Writing- 26
    Funny thing was: I found my LOA after getting home from taking the ACT again in September... my new scores were:
    English- 27
    Math- 29
    Science- 28
    Reading- 28
    Writing- 27
    At the end of December, I received an LOA to USAFA as well.

    Test scores are a big part, but not everything. Things in my favor include being first in my class, attending girls state, varsity letters, team captains, and serving as president for several things within my school. So glad your DS got into boys state! Just keep focusing on GPA and trying to get into top 15%. He can do this!!
     
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  14. ClimberGirl

    ClimberGirl Member

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    For ACT, have him practice with his own watch. TIMING IS EVERYTHING. (Buying a watch, practicing, and using that on the test is what really helped me)
     
  15. MichUSNA2021hopefulparent

    MichUSNA2021hopefulparent Member

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    ClimberGirl, thanks for the info and positive words!
     
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  16. MichUSNA2021hopefulparent

    MichUSNA2021hopefulparent Member

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    HassamaMama, thank you very much also!
     
  17. USMILITARY123

    USMILITARY123 Member

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    I was in the same situation. I took the ACT 5 times... If you son really wants it, he will have to get to the "grind" and learn the content. My first ACT score was a 23 english, then 24 english, then 23 english, then 32 english, then 31 english. I retook it because of my english score. My aunt is a high school English teacher who told me I could NOT raise my score more than 2 points up or down; I didn't listen. I told her I was going to prove her wrong.. 9 point increase is not impossible. I can prove that. Your son has to be the one who will define that a large ACT score boost is not impossible. ACT sparknotes, talk to teachers, upperclassmen, enroll in a tutor course, get a book, study, and GRIND! He can do it!!!!

    I have been accepted to USMA and am waiting for USNA. Best of luck to him. Enroll in every test till from now till senior year.
     
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  18. MichUSNA2021hopefulparent

    MichUSNA2021hopefulparent Member

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    Thanks US military 1 2 3
     
  19. Just Dad

    Just Dad Member

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    I have two high school seniors headed to college next year. One kid has an appointment to the USNA (was nominated to USAFA but didn't apply). My (long) input relates to the other kid. We adopted her out of China in 1998. like many Chinese orphans, she'd had a rough go in a rural orphanage for the first 11mths of her life. Malnutrition early in life is a suspected cause of a diagnosed auditory processing disability for her. She is not a natural student, but over the years she's learned ways to compensate (she works harder).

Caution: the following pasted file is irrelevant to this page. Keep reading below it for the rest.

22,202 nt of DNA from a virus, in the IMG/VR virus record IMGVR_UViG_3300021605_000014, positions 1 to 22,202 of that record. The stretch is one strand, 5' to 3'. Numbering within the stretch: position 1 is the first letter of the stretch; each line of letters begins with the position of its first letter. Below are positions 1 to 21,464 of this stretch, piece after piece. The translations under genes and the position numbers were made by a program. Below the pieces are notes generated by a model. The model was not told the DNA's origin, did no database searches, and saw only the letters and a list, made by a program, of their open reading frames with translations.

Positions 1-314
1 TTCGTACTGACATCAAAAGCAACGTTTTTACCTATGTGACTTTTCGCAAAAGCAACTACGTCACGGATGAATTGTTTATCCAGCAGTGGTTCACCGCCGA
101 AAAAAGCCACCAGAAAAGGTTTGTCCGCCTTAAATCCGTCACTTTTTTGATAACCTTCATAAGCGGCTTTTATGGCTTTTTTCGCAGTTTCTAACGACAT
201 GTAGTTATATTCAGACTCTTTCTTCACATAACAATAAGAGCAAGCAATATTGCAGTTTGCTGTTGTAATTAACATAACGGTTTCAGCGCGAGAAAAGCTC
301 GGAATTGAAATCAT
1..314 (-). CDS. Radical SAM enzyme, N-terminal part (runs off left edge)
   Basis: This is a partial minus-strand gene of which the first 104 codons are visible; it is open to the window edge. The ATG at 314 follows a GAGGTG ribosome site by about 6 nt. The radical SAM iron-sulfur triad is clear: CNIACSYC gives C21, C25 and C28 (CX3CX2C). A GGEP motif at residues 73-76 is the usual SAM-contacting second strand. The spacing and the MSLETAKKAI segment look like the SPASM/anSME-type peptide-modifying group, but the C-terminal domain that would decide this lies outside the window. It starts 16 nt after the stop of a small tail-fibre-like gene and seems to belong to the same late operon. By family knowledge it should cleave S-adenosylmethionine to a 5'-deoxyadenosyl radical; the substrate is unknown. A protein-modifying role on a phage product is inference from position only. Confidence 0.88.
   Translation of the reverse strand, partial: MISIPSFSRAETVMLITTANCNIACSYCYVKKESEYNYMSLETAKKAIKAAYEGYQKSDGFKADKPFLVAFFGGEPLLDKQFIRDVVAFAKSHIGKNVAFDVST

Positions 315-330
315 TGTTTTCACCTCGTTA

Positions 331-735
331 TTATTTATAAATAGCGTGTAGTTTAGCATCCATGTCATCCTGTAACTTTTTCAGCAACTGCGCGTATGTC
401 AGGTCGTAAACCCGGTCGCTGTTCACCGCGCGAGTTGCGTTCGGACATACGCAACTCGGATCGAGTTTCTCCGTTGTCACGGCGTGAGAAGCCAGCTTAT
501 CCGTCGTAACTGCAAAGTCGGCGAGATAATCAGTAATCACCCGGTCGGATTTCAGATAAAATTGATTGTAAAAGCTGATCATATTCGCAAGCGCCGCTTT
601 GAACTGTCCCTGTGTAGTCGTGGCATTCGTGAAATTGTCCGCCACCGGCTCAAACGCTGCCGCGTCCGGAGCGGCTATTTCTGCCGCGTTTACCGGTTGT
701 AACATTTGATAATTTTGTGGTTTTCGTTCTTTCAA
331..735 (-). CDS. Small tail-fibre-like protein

While my "natural" kid was bagging 33-34 Act scores and going on recruiting visits to PAC12, Ivy, ACC, SWC, and NAVY my adopted daughter racked up a 16 !!on the ACT and carried a 2.9 GPA. We were getting her ready to accept going to a community college next year when my wife scheduled a trip up the road to Western Washington University (we live in Seattle). Western is a good school, my wife went there for undergrad (loved the place), and I don't think there is a better campus anywhere in the country.

    My daughter decides Western is the ONLY place she wants to go to school. We talk to a counselor and learn that because she is technically a "first generation" to attend college, they give her a break on admissions. That said, even with lower entrance requirements she needed at least 3.2 GPA and a 23 on the ACT. The kid decides to buckle down and work to a goal of getting into Western. My wife starts in with "you can do it honey!!"; I'm thinking its good that she wants to take on the challenge, but we are gonna have a real tear-fest before this is over. So, while my other kid was getting tons of athletic and scholastic recognition, this girl puts her head down and runs her own race; no glory at its end like her sibling------just something she really wanted

    I figured the grades thing could be done, like I said, she works hard--- she just needed to demand more from her teachers and find the guts to risk looking stupid in class by asking questions. She got her GPA up to a 3.18 for application submission. The ACT was a different matter; moving from a 16 to a 23 composite score means moving from the bottom 30% to the top 35% of those taking the test. Frankly, I didn't think she could do it, she is just not a "quick study". She worked hard on the ACT over her Jr year, then last August we were at a large dinner party; my daughter walks over gives me a hug, pulls me down to her 5'3" height, kisses me on the cheek and whispers that she scored a composite 25 on the Act. I had to leave the room for a moment, afraid that talking about what she'd done would have me balling in front of our guests.